Film reviews and comment

For a complete listing of LKL’s film reviews, click here. For a listing of the top films of the noughties – compiled from the lists of prominent K-film bloggers – click here, and the article was updated here. For LKL’s own list of the top films 2000-2010 (2003 was a bumper year) click here. Otherwise, all our reviews are in publication date order below.

Hong Sang-soo (홍상수) Yourself and Yours (당신 자신과 당신의 것, 2016) Review by Robert Cottingham. You can tell from the opening titles exactly the kind of film this is going to be. Black Korean calligraphy on a white background suggests an intelligent and possibly artistic film and the lively classical music hints at a sophisticated comedy on […]

{ 1 comment }

BFI Festival Film Review: Na Hong-jin’s The Wailing

by Philip Gowman 16 November 2016
Thumbnail image for BFI Festival Film Review: Na Hong-jin’s The Wailing

Na Hong-jin can sure put you through a mental wringer. Mysterious and very bloody murders, extremely nasty skin conditions: who or what is to blame? The choice seems to be between a mind-altering magic mushroom concoction and a strange Japanese guy who lives in the forest, fishing and living off the land. And what of […]

Read the full article →

Festival report: Park Hong-min Q+A after the screening of “A Fish”

by Robert Cottingham 12 November 2016
Thumbnail image for Festival report: Park Hong-min Q+A after the screening of “A Fish”

Park Hong-Min was in London yesterday for a 3-D showing of his first film A Fish (2011). He gave a short Q-and-A after the screening. Transcribed by Robert Cottingham. Tony Rayns: I’ll get things going. I take it this film is not based on your own experience? Park Hong-min: Yes, it’s definitely not based on […]

Read the full article →

Brief festival film review: Eoh Woo Dong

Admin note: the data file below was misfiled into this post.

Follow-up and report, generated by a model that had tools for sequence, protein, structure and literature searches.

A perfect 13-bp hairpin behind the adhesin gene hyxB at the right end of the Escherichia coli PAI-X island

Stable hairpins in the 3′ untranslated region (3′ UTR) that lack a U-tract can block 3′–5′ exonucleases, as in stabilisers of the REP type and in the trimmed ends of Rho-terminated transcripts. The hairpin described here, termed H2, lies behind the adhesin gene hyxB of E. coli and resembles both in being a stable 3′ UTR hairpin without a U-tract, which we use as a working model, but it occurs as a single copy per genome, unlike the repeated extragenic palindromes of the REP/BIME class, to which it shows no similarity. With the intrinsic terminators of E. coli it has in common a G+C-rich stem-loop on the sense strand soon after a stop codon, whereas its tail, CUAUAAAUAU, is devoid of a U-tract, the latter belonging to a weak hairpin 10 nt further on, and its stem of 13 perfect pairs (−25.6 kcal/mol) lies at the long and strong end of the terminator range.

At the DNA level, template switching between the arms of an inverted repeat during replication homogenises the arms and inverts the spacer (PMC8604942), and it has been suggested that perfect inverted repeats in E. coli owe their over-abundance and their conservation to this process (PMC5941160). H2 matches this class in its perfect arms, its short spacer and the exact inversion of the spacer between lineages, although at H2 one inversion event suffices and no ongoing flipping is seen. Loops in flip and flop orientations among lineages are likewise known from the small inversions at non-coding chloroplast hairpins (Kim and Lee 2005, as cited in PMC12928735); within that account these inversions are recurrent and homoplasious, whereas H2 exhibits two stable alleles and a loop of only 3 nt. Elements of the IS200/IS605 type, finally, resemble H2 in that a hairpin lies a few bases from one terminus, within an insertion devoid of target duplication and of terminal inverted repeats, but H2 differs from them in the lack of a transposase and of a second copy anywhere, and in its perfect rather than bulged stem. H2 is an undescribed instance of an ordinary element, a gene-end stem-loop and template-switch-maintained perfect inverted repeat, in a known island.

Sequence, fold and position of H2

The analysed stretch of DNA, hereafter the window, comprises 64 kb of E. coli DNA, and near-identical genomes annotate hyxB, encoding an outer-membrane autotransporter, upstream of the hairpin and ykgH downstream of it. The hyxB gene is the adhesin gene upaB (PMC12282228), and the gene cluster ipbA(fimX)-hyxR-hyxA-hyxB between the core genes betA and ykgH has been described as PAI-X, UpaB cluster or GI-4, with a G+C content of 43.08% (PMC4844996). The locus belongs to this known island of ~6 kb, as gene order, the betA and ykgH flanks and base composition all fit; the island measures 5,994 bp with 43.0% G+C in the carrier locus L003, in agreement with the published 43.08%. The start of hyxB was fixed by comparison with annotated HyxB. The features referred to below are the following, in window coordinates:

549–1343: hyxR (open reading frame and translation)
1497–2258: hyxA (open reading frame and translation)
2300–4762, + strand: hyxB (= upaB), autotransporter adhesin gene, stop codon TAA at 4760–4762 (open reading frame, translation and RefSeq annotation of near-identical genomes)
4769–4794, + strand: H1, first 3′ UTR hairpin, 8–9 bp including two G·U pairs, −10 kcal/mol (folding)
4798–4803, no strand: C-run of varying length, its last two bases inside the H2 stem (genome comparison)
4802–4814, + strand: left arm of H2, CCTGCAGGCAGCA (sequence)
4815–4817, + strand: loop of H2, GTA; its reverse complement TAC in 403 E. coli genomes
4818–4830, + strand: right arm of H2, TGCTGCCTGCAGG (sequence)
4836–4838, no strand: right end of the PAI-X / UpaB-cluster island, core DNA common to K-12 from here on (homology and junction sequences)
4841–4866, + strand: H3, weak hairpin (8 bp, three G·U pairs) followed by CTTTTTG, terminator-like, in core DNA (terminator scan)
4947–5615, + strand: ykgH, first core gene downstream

by Robert Cottingham 11 November 2016
Thumbnail image for Brief festival film review: Eoh Woo Dong

Lee Chang-ho (이장호) Eoh Woo Dong (어우동, 1985, 110 mins). Review by Robert Cottingham. Eoh Woo Dong translates as “entertainer,” a rough approximation of the duties of 14th-century Korean courtesan Eoh Yoon Chang. After a lifetime “in service,” Eoh Yoon Chang retires to a faraway village. Meanwhile, her powerful father, ashamed of his daughter’s lifestyle, […]

Read the full article →

Brief Festival Film Review: Kai

by Robert Cottingham 8 November 2016
Thumbnail image for Brief Festival Film Review: Kai

Lee Sung-gang (이성강): Kai (카이, 2016, 96 mins) Review by Robert Cottingham Snow Queen Hattan casts a spell over the peaceful village where Kai lives, and covers everything in ice. The River Spirit who is the protector of the village gives the brave young Kai the only key to fighting off Hattan and asks him […]

Read the full article →

Festival film review: Crush and Blush

by Robert Cottingham 7 November 2016
Thumbnail image for Festival film review: Crush and Blush

Lee Kyoung-mi (이경미): Crush and Blush (미쓰 홍당무, 2008) Review by Robert Cottingham. Right near the beginning of Crush and Blush, the main character Mi-seok stands digging a deep hole in a schoolyard. I thought that it was a punishment used in South Korean schools, but if not it could be a visual metaphor for […]

Read the full article →

Festival film review: The Truth Beneath

by Robert Cottingham 6 November 2016
Thumbnail image for Festival film review: The Truth Beneath

Lee Kyoung-mi (이경미): The Truth Beneath (비밀은 없다, 2016) Review by Robert Cottingham Lee Kyoung-mi got her start in films working with Park Chan-wook, and from watching this film it seems she has taken his lead when it comes to violent revenge. When a politician’s daughter goes missing the scandal threatens to upset his ambitions […]

Read the full article →

LKFF report: the opening night and The Truth Beneath

by Philip Gowman 4 November 2016
Thumbnail image for LKFF report: the opening night and The Truth Beneath

The eleventh of the London Korean Film Festivals organised by the KCCUK opened on Thursday with a little sprinkling of stardust. Jung Woo-sung, who electrified the audience during the 2014 festival where he was the headline attraction, came to the opening night as just a regular guy wanting to watch a movie. But that didn’t […]

Read the full article →

Park Chan-wook at LEAFF, talking about Handmaiden, octopuses and more